Appellant filed suit on February 25, 1994, alleging defamation and injurious falsehood. Pizza Hut moved for dismissal of appellant's complaint or, in the alternative, for summary judgment on the grounds that (1) appellant's defamation action was time-barred because it was "based on events and communications that occurred more than a year before this *207 action was originally commenced," and (2) its communication with DOES could not form a basis for a libel action because it was absolutely privileged.
Appellant opposed Pizza Hut's motion, arguing that the September 1, 1993 letter from Pizza Hut's counsel to appellant's counsel contained defamatory statements that were not privileged and were within the one-year period of limitations. In reply, Pizza Hut stated that (1) the September 1, 1993 letter did not constitute publication to a third party because it had been sent to appellant's counsel (his agent) in response to counsel's May 6, 1993 letter, and that (2) in any case, the September 1, 1993 letter was protected by an absolute privilege because it was matter published "preliminary to a judicial proceeding."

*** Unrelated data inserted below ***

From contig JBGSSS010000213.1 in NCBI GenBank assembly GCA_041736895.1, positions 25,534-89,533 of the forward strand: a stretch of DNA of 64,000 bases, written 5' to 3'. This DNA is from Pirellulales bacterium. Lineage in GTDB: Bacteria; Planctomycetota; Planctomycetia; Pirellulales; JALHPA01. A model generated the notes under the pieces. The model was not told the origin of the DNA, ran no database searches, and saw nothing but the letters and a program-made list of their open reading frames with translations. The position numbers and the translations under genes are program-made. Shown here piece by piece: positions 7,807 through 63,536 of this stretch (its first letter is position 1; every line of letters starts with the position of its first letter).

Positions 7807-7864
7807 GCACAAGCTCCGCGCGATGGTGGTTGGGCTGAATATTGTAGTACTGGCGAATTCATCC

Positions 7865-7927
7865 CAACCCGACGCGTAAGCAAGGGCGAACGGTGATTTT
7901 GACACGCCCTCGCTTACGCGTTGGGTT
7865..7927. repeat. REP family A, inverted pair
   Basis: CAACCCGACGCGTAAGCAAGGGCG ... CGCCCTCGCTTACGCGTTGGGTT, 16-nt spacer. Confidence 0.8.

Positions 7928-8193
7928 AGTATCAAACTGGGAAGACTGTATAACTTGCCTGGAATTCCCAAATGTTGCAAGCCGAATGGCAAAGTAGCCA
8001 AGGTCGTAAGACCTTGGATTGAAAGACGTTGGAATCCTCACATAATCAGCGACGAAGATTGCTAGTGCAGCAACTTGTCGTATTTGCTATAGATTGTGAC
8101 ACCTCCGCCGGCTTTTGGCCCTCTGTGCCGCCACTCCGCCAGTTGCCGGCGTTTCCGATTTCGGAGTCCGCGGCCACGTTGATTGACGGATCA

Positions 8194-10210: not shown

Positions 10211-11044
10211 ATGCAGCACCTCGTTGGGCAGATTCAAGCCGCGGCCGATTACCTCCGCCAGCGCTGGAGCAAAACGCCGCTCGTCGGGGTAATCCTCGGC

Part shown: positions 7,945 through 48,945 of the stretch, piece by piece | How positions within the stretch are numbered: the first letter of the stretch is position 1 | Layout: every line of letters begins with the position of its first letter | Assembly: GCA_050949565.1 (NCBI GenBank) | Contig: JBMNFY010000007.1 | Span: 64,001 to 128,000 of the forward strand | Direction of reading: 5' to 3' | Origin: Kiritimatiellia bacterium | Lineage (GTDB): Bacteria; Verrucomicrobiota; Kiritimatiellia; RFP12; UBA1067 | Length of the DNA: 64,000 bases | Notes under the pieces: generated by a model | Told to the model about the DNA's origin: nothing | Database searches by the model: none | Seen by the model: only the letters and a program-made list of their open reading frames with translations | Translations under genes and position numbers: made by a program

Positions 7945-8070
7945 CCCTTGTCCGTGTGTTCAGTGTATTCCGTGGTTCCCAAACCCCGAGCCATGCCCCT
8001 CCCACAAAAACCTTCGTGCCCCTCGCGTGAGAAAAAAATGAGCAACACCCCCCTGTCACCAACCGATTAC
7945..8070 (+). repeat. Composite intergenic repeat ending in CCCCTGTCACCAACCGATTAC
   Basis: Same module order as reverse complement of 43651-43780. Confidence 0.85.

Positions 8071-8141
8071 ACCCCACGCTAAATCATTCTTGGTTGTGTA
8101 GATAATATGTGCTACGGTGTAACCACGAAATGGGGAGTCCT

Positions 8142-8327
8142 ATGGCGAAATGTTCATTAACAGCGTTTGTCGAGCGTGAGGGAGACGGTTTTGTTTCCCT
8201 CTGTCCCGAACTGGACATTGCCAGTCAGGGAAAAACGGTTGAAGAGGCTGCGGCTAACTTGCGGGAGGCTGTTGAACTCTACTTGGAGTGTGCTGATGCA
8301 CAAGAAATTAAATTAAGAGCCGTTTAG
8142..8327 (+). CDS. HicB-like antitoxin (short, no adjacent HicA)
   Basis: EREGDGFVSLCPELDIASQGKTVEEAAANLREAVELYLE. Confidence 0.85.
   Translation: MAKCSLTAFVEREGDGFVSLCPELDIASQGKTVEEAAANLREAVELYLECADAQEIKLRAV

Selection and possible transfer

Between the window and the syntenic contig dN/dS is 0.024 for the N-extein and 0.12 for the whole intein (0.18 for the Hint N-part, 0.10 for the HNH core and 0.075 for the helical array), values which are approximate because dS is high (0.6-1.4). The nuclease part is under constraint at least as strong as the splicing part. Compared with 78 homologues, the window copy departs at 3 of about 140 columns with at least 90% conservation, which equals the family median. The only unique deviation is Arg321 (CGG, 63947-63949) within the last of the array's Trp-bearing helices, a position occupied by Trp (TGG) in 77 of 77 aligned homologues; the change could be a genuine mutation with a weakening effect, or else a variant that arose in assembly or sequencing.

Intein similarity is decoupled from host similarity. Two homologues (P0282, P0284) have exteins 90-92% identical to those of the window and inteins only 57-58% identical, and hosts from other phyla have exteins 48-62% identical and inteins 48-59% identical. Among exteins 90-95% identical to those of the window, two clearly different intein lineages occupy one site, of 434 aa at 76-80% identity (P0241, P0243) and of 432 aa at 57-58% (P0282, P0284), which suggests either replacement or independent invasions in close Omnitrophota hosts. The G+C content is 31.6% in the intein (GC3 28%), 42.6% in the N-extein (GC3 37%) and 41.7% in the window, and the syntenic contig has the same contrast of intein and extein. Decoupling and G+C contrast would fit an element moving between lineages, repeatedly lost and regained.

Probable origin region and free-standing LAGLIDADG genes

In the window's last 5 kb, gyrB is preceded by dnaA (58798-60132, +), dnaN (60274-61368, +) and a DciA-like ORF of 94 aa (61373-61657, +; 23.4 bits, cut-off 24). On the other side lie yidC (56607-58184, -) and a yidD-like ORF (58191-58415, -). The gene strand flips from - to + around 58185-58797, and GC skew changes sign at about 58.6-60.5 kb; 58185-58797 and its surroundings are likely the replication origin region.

By an order dated April 29, 1994, the trial judge granted appellee's summary judgment motion. The judge also noted that "[e]ven without consideration of the exhibits accompanying [appellee's] motion, the Court would grant the 12(b)(6) motion to dismiss on privilege and statute of limitations grounds." Appellant challenges this decision.II.
A motion for summary judgment is properly granted where "(1) taking all reasonable inferences in the light most favorable to the non-moving party, (2) a reasonable juror, acting reasonably, could not find for the nonmoving party, (3) under the appropriate burden of proof." Nader v. de Toledano, 408 A.2d 31, 42 (D.C.1979), cert. denied, 444 U.S. 1078, 100 S. Ct. 1028, 62 L. Ed. 2d 761 (1980). In addition, summary judgment is an appropriate remedy when "there are no material facts in issue and when it is clear that the moving party is entitled to judgment as a matter of law." Willis v. Cheek, 387 A.2d 716, 719 (D.C.1978). Any doubt as to the existence of such issues must be resolved in favor of the non-moving party. See Malcolm Price, Inc. v. Sloan, 308 A.2d 779, 780 (D.C. 1973), aff'd., 339 A.2d 43 (D.C.1975).